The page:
added support

At a struggling Brooklyn school, having more hands on deck is helping boost student literacy

Students work on their reading and writing skills at East Flatbush Community Research School.
PHOTO: Stephanie Snyder
Students work on their reading and writing skills at East Flatbush Community Research School.

Every afternoon at a struggling middle school in East Flatbush, Brooklyn, sixth- and seventh-graders spend an extra hour at school improving their reading skills. But they can’t hide in the back of a classroom.

Instead, the students at East Flatbush Community Research School are sitting face-to-face with their peers and instructors. In one classroom this week, tutors worked with the school’s lowest-level readers in groups of four. In another room, eight students pulled out key words from a book (which on Tuesday happened to be about about a vampire bunny). Down the hall, the highest-performing students took an elective class focused on critical thinking skills.

The school is able to offer that intensive help because the adults working with the students aren’t all teachers. Many are tutors and social workers hired by University Settlement, the nonprofit partnered with the school through the city’s “Renewal” turnaround program.

That program is designed to address students’ out of school problems, which often go hand in hand with academic struggles. At Community Research, where just 8 percent of students passed last year’s state English exam, the school is using the partnership to focus on key academic skills themselves — and provide extra help for teachers, which Chancellor Carmen Fariña has said is another key to improving the schools.

“I want to see that teachers have a higher retention rate in our Renewal schools, and teachers are much more likely to have that if they feel supported,” Fariña told a group of school and community leaders during a visit to the school Tuesday afternoon.

University Settlement Executive Director Melissa Aase (left) and Chancellor Carmen Fariña visit a literacy class at East Flatbush Community Research School.
PHOTO: Stephanie Snyder
University Settlement Executive Director Melissa Aase (left) and Chancellor Carmen Fariña visit a literacy class at East Flatbush Community Research School.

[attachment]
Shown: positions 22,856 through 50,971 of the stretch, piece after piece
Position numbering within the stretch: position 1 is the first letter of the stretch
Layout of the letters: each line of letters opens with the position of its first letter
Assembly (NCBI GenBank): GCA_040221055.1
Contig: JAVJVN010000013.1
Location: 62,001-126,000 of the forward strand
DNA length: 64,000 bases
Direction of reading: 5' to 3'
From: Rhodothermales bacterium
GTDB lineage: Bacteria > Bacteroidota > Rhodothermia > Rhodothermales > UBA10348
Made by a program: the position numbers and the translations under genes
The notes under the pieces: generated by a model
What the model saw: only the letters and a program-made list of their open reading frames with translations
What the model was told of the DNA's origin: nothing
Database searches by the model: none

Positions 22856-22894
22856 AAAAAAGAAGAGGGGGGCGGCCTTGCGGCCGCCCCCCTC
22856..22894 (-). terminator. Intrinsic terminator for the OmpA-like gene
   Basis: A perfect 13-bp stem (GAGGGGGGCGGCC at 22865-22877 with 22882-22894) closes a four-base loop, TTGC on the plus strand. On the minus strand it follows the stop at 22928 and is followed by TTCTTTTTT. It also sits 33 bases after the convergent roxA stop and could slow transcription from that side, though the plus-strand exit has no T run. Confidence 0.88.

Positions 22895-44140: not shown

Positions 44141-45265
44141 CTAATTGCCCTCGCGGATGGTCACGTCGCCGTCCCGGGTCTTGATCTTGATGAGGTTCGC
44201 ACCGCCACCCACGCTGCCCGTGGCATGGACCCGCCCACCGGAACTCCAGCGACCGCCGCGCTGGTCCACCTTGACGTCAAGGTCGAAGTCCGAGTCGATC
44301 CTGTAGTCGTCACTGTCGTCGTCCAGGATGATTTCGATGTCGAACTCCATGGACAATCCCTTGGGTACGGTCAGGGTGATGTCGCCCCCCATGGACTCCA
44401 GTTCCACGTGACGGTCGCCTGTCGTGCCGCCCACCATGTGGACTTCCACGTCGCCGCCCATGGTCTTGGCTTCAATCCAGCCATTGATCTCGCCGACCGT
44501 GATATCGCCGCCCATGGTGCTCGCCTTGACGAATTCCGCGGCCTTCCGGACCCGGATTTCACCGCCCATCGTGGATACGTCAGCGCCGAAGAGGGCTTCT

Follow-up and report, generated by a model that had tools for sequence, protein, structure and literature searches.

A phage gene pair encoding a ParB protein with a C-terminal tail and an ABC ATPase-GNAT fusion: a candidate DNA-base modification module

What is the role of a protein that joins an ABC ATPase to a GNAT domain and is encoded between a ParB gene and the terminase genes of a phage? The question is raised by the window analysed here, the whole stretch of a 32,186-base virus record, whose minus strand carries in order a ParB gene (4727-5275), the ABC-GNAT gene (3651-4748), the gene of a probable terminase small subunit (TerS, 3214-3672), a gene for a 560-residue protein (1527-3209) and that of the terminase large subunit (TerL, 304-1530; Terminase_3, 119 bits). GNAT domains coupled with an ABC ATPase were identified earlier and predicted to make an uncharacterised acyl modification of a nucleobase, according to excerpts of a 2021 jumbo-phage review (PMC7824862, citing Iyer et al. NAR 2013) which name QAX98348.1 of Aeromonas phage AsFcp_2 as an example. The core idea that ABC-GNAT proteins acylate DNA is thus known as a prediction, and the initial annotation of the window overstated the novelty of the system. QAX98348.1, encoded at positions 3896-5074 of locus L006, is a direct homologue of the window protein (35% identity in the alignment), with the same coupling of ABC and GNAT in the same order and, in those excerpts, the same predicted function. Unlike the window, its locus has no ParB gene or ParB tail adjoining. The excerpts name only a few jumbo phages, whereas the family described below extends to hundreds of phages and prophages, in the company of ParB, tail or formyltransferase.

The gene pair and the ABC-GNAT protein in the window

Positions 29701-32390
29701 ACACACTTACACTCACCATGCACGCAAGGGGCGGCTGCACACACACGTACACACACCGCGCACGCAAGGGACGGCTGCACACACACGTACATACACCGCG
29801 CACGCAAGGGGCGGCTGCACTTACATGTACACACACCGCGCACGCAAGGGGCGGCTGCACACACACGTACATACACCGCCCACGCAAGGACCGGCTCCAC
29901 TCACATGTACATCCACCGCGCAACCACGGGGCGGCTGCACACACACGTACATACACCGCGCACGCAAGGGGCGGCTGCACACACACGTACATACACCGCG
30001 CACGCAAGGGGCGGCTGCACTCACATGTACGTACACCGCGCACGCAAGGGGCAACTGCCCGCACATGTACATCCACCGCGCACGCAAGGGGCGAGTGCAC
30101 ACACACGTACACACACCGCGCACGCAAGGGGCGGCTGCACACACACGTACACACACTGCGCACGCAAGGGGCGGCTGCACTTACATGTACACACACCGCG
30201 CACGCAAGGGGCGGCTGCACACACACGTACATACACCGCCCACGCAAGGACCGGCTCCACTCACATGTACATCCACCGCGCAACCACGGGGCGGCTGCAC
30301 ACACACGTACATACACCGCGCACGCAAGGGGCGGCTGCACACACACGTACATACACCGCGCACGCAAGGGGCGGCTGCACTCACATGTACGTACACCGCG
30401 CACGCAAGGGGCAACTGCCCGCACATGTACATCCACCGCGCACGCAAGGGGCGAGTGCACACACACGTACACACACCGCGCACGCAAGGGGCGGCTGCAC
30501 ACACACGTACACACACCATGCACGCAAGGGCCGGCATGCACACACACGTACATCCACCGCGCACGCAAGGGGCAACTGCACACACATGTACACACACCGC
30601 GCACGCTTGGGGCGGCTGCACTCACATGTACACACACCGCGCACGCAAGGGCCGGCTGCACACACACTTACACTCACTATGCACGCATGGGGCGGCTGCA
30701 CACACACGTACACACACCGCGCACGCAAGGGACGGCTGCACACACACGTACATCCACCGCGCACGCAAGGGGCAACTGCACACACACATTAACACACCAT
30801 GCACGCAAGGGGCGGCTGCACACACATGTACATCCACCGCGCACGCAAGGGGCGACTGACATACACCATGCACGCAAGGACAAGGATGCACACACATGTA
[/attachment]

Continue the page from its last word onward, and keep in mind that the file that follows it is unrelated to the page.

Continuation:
“If you have a second or even a third person, like a social worker or guidance counselor, in a classroom, you’re going to be like, ‘Gee, this school is giving me a lot of help, and therefore I want to stay here,’” she added.

The partnership between the school and University Settlement isn’t new. But the Renewal program has allowed the community-based organization to work more closely with the school, improving the work it has been doing over the last three years, said Tameeka Ford, University Settlement’s director of youth and community programs.

Now, Ford said, the group’s community school director will work with Principal Daveida Daniel to strategize about which staffers should work with which students based on their reading scores, and to decide what kinds of training the tutors themselves need. As the city’s 94 Renewal schools work their way through the three-year turnaround program, those community school directors play a key role managing those partnerships and often in improving attendance and even instruction.

Chancellor Carmen Fariña speaks with East Flatbush Community Research School Principal Daveida Daniel during a visit of the Renewal middle school.
PHOTO: Stephanie Snyder
Chancellor Carmen Fariña speaks with East Flatbush Community Research School Principal Daveida Daniel during a visit of the Renewal middle school.

Critics, and even some community schools advocates have raised questions about whether de Blasio’s Renewal program has enough focus on improving students’ academic skills or by improving what happens inside the classroom.

At Community Research, Ford said the Renewal program has allowed the nonprofit to focus on multiple approaches. The organization now has more resources to devote to helping the school engage with parents, provide meals and child care for families, plan weekend events, and find grants to subsidize field trips for students.